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How does the brain control the processing of cooperating and...

How does the brain control the processing of different kinds of information that sometimes need to cooperate and sometimes need to compete, such as sensory information from the outside world versus abstract ideas and relationships? Bridging computational engineering methods, brain imaging techniques, and cognitive neuroscience, this study will test whether the strength of different interactions among multiple brain areas is related to how well an individual person is able to learn different kinds of information. Results will inform our understanding of the mechanisms behind how different parts of the brain communicate with each other. The results also may have implications for treating ADHD, autism, and other disorders with altered interactions between brain areas, and for designing educational methods tailored to the learning strengths and weaknesses of a broad range of typically developing individuals.

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Recent News

Nature Publishing Group to launch a new interdisciplinary Science...

npj Science of Learning is the first journal to bring together the findings of neuroscientists, psychologists, and education researchers to understand how the brain learns. The journal is published in partnership between The University of Queensland and Nature Publishing Group (NPG).

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Prominent policy and talent development scholar Jonathan Plucker...

Jonathan Plucker, will join Johns Hopkins University in January as the inaugural Julian C. Stanley Professor of Talent Development.

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SLI Researchers Selected to Co-Direct the New Kavli Neuroscience...

The Kavli Foundation and its university partners announced this morning the founding of three new neuroscience institutes, including one at Johns Hopkins. The new Kavli Neuroscience Discovery Institute at The Johns Hopkins University, expected to launch in early 2016, will bring an interdisciplinary group of researchers together to investigate the workings of the brain.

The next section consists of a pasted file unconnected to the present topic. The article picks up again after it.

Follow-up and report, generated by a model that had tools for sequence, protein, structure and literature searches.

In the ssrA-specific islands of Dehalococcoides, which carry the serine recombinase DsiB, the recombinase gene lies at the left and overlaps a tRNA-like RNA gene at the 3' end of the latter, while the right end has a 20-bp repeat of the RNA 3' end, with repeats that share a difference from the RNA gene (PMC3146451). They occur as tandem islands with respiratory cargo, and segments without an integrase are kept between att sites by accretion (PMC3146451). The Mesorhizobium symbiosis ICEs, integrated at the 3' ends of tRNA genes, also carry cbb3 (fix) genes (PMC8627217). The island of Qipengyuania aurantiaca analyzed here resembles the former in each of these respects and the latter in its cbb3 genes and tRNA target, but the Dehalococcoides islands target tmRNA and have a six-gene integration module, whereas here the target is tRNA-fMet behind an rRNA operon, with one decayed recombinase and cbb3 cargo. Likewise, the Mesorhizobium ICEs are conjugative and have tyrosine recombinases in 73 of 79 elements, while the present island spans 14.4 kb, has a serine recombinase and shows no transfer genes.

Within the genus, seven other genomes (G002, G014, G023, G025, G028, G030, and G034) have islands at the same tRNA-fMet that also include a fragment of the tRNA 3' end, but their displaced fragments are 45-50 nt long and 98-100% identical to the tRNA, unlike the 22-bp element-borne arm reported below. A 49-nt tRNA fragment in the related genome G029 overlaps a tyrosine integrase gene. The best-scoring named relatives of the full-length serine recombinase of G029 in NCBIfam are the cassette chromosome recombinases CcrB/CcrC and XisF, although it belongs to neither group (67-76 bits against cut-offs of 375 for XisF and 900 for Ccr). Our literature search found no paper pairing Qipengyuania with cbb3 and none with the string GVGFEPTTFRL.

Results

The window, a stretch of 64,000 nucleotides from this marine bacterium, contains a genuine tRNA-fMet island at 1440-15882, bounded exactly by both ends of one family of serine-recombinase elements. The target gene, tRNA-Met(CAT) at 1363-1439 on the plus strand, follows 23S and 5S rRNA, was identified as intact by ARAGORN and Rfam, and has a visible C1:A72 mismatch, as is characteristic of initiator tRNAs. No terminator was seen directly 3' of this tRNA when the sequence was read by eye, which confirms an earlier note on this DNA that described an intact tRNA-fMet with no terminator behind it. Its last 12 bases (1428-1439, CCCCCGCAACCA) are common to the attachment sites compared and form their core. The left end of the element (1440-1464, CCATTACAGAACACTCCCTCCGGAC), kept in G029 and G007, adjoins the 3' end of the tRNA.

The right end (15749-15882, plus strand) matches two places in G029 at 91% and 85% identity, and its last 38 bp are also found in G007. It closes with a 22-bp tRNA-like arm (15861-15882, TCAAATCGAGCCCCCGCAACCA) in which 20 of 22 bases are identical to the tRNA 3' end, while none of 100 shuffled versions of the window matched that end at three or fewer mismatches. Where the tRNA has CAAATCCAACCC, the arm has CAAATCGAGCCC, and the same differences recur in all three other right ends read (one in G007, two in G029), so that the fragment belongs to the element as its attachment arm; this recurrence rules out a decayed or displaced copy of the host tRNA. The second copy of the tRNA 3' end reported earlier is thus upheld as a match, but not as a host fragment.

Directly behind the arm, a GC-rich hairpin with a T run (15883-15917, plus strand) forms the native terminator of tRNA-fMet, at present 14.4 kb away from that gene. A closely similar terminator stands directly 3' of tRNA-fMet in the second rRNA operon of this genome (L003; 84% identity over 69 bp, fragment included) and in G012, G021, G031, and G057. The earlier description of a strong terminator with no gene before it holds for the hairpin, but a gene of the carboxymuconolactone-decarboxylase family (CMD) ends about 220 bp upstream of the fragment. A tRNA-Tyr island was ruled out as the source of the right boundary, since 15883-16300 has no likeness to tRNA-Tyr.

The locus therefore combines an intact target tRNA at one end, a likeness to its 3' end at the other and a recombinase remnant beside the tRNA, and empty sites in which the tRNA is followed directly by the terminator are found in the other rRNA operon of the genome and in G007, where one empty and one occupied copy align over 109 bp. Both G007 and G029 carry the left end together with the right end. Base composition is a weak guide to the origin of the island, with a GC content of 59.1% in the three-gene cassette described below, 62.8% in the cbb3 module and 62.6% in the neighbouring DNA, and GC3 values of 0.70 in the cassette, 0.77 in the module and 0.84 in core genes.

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Our Experts

Dr. Richard Edden

Associate Professor, Department of Radiology

Dr. Benjamin Van Durme

Assistant Professor, Department of Computer Science, Center for Language and Speech...

Dr. James Pekar

Manager and Research Coordinator, F. M. Kirby Research Center, Kennedy Krieger Institute ...

Dr. David Foster

Assistant Professor, Department of Neuroscience

Mr. Mike Alexander

Program Coordinator

Bob Wiley

Distinguished Science of Learning Fellow

Dr. Alfredo Kirkwood

Professor, Department of Neuroscience

Dr. Robert Blum

William H. Gates Sr. Professor & Chair, Dept. of Population, Family & Reproductive Health;...

Dr. Mariale Hardiman

Professor & Vice Dean of Academic Affairs; Director of Neuro-Education Initiative

Dr. Bonnie Nozari

Assistant Professor, Departments of Neurology & Cognitive Science

Dr. Kelly R. Fisher

Associate Director, Science of Learning Institute and Assistant Professor in the School of Education

Dr. Beverly Wendland

James B. Knapp Dean of the Krieger School of Arts and Sciences

Dr. Rebecca Haberman

Associate Research Scientist, Department of Psychological and Brain Sciences

Dr. Mark Chevillet

Program Manager, Applied Physics Laboratory

Dr. Jeremiah Cohen

Assistant Professor, Brain Science Institute, Department of Neuroscience

Dr. Peter Holland

Krieger-Eisenhower Professor of Psychological and Brain Sciences

Dr. Elaine Hansen

Executive Director, Center for Talented Youth

Dr. David Linden

Professor, Department of Neuroscience